A team of researchers at the University of British Colombia discovered bacterial presence in synthetically produced woody biomass substrates.
Using a novel blend of stable isotope probing and metagenomics, the researchers labelled various synthetically produced woody biomass substrates with the help of carbon isotope. Through this method they were able to trace the microbes that incorporated inside the lignin through soil by analyzing its DNA by sequencing the chromosomes.
The new technique enables to identify the bacteria and enzymes, circumventing the need to culture bacteria. The role of bacteria in the decomposition of lignin has hence been proved owing to the new technique. Bacteria from the families of Comamonadaceae and Caulobacteraceae are involved in lignin degradation, according to the researchers.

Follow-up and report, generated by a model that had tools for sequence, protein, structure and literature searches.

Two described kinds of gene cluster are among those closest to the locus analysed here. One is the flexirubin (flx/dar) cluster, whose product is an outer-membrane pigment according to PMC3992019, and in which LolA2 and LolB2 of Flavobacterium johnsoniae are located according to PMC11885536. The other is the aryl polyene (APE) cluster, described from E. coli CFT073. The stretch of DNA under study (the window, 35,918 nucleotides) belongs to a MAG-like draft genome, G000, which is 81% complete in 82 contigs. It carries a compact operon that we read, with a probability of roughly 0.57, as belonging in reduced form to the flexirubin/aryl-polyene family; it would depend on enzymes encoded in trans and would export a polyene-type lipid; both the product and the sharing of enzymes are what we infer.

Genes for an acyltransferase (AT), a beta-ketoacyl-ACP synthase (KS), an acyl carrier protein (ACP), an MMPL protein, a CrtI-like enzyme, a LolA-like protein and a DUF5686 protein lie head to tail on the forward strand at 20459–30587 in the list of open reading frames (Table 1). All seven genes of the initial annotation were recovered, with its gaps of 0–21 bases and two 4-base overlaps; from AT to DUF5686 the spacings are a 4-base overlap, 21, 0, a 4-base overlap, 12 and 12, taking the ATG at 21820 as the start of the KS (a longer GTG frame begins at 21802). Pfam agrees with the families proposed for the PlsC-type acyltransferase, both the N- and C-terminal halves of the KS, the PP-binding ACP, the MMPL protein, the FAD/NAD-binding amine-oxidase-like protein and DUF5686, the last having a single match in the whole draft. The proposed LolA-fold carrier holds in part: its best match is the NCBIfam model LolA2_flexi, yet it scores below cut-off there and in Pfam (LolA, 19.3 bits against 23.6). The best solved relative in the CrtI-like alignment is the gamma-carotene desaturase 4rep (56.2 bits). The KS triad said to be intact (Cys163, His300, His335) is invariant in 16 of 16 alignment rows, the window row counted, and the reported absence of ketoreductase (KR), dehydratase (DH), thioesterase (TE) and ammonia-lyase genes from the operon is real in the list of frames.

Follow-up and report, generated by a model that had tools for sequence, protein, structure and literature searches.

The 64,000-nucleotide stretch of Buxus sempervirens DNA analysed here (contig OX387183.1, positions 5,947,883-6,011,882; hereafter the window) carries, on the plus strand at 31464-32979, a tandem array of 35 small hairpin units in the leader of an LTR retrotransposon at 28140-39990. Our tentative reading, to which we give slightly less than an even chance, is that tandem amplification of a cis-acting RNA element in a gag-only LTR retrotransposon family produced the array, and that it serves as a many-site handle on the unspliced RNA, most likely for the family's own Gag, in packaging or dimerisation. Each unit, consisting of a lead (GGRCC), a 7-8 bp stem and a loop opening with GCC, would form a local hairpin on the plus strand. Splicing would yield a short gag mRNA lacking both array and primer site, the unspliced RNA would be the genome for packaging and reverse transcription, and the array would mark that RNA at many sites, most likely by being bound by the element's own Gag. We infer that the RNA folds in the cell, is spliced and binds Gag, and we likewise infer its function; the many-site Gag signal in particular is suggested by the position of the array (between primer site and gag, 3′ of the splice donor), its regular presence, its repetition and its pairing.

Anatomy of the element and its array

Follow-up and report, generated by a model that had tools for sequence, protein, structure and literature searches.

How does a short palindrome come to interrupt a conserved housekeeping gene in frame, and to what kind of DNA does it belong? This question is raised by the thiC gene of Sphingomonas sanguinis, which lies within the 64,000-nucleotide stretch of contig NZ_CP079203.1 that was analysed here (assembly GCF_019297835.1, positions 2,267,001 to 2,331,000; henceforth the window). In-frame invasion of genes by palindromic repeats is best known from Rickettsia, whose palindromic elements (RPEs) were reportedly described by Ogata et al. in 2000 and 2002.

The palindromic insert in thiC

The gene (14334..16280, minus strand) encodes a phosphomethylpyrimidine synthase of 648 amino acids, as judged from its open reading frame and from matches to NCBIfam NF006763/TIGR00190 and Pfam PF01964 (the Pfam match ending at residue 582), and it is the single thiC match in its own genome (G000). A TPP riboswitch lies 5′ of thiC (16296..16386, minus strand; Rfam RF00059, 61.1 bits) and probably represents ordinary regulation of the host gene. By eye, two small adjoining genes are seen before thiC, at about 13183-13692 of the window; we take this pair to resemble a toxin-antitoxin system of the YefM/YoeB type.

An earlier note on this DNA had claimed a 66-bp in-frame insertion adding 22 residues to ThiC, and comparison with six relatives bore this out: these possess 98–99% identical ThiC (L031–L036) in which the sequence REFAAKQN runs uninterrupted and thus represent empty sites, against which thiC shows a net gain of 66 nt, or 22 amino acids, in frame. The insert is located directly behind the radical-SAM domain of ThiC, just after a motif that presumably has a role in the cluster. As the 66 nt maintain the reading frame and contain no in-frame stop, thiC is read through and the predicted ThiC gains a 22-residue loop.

William Mohn, lead author of the study and researcher at University of British Colombia, said, â€œThereâ€™s been a controversy in the literature for quite some time as to how important bacteria might be. Bacterial enzymes have many advantages in biotechnological applications and it may be much more practical to employ bacterial enzymes, rather than fungal ones for the breakdown of lignin.â€
The team hopes that using their methodology other scientists could engineer bacteria to convert lignin into commodity chemicals. Lignin can be potentially used to produce various products similar to those by products of petroleum.
â€œIf we want to target our carbon dioxide emissions we really need to understand the natural carbon cycle, of which terrestrial decomposition is a big player. By knowing what is breaking down what in the soil, â€˜hopefully it will help us to better project how carbon dioxide flux will evolve from the soil under different conditionsâ€™, says Kathe Todd Brown, a computational biogeochemist designing computer models focused on carbon cycling in soil at the Pacific Northwest National Laboratory in the US.
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